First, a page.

(Mitchell Haindfield photo)

(Mitchell Haindfield photo)

Ottawa jail inmates argue anti-COVID measures a breach of charter rights

The prisoners allege guards did not wear masks until April 25

Nine inmates of a provincial jail in Ottawa have gone to court to argue they are being subjected to egregious conditions due to COVID-19 that violate their constitutional rights and international law.

The application filed in Superior Court, accuses authorities at the Ottawa-Carleton Detention Centre of putting dangerously lax health measures in place and imposing oppressive restrictions as part of the fight against the pandemic.

“This is an egregious diminution of liberties being imposed in an already restrictive environment,” their hand-written application states. “These impositions are tyrannical and dehumanizing.”

Upholding human rights should remain paramount even during a pandemic, the inmates say. They also point out the majority of the inmates are awaiting trial and are presumed innocent.

The applicants want the court to declare their rights have been breached and to order the government to take remedial action.

Among other things, the applicants say they have been deprived of outside visitors, a crucial way to maintain contact with loved ones and community supports, since March 10. International law, they say, requires regular visits.

The prisoners allege guards did not wear masks until April 25, and that since then, correctional officers have worn face coverings irregularly, risking the inmates’ health. Nor has the prison provided masks, sanitizer or soap to prisoners, the complaint alleges.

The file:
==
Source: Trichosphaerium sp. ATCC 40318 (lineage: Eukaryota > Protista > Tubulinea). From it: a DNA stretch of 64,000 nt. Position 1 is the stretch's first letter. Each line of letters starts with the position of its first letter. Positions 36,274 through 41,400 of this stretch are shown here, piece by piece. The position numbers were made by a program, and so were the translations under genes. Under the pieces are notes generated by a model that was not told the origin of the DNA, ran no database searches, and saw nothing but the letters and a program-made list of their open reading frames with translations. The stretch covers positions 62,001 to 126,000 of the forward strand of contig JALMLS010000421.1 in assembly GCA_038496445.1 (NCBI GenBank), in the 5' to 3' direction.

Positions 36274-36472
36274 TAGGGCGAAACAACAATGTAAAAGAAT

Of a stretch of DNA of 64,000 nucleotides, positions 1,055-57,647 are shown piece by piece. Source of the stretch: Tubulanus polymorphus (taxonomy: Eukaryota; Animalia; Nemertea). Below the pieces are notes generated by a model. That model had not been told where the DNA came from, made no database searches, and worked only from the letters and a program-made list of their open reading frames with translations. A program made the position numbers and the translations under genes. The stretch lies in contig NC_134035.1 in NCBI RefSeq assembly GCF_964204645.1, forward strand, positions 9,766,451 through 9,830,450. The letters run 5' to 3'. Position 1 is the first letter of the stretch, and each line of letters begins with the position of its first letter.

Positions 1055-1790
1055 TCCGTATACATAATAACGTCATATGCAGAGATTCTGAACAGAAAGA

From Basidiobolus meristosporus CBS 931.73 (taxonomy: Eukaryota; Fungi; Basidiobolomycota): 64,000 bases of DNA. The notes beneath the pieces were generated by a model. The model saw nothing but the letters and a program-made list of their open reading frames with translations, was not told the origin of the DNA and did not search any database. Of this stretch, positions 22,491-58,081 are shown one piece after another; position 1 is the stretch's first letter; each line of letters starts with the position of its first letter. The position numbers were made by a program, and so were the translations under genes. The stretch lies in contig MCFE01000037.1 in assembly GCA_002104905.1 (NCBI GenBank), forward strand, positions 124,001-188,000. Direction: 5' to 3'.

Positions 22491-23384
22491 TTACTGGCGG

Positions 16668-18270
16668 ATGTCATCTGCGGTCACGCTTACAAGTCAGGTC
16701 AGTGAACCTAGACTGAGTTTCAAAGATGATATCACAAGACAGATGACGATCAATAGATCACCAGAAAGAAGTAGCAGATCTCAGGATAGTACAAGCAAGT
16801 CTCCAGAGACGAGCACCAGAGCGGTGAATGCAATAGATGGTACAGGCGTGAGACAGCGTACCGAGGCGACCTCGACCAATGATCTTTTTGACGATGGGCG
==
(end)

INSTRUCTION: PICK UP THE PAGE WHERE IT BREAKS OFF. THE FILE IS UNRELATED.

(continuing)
They also say they’ve been cut off from religious services, dental care and various treatment programs.

“Although the applicant understands how volatile the situation has been, COVID-19 is not a justifiable excuse for the restrictions imposed during the pandemic,” the document states.

The court action alleges that correctional staff only set up a quarantine on April 25. Until then, new inmates were simply placed with the others.

Michael Wiwczaruk, one of the nine inmates, said it’s impossible to understand the impact of the anti-COVID measures without experiencing them first-hand.

“The psychological stress caused by the increased risk to contract COVID-19 while in pre-trial detention cannot be overstated,” the application states.

Solicitor General Sylvia Jones did not immediately respond to a request for comment on Wednesday. However, the ministry has previously argued that it has taken steps to protect inmates in part by allowing some to leave jails.

Other inmates, along with civil rights groups, have previously filed suit against the federal government alleging “grossly inadequate” measures to curb the spread of COVID-19 in penitentiaries. Federally, about 360 inmates have tested positive and two have died.

The Canadian Human Rights Commission has previously urged correctional authorities to release low-risk inmates and to ensure both the health and human rights of prisoners are a priority.

This report by The Canadian Press was first published July 2, 2020.

Colin Perkel, The Canadian Press

READ MORE: COVID-19 is not a ‘get-out-of-jail-free card,’ says BC judge

READ MORE: More than 50,000 Coronavirus cases reported per day in US

Like us on Facebook and follow us on Twitter.

Coronavirus

Just Posted

Alberta Premier Jason Kenney arrives at the 2021 budget in Edmonton on Thursday, Feb. 25, 2021.THE CANADIAN PRESS/Jason Franson
Alberta launches COVID vaccine lottery with million-dollar prizes to encourage uptake

The premier says the lottery will offer three prizes worth $1 million a piece, as well as other prizes

The City of Red Deer sits at 249 active cases of the virus, after hitting a peak of 565 active cases on Feb. 22. (Black Press file image)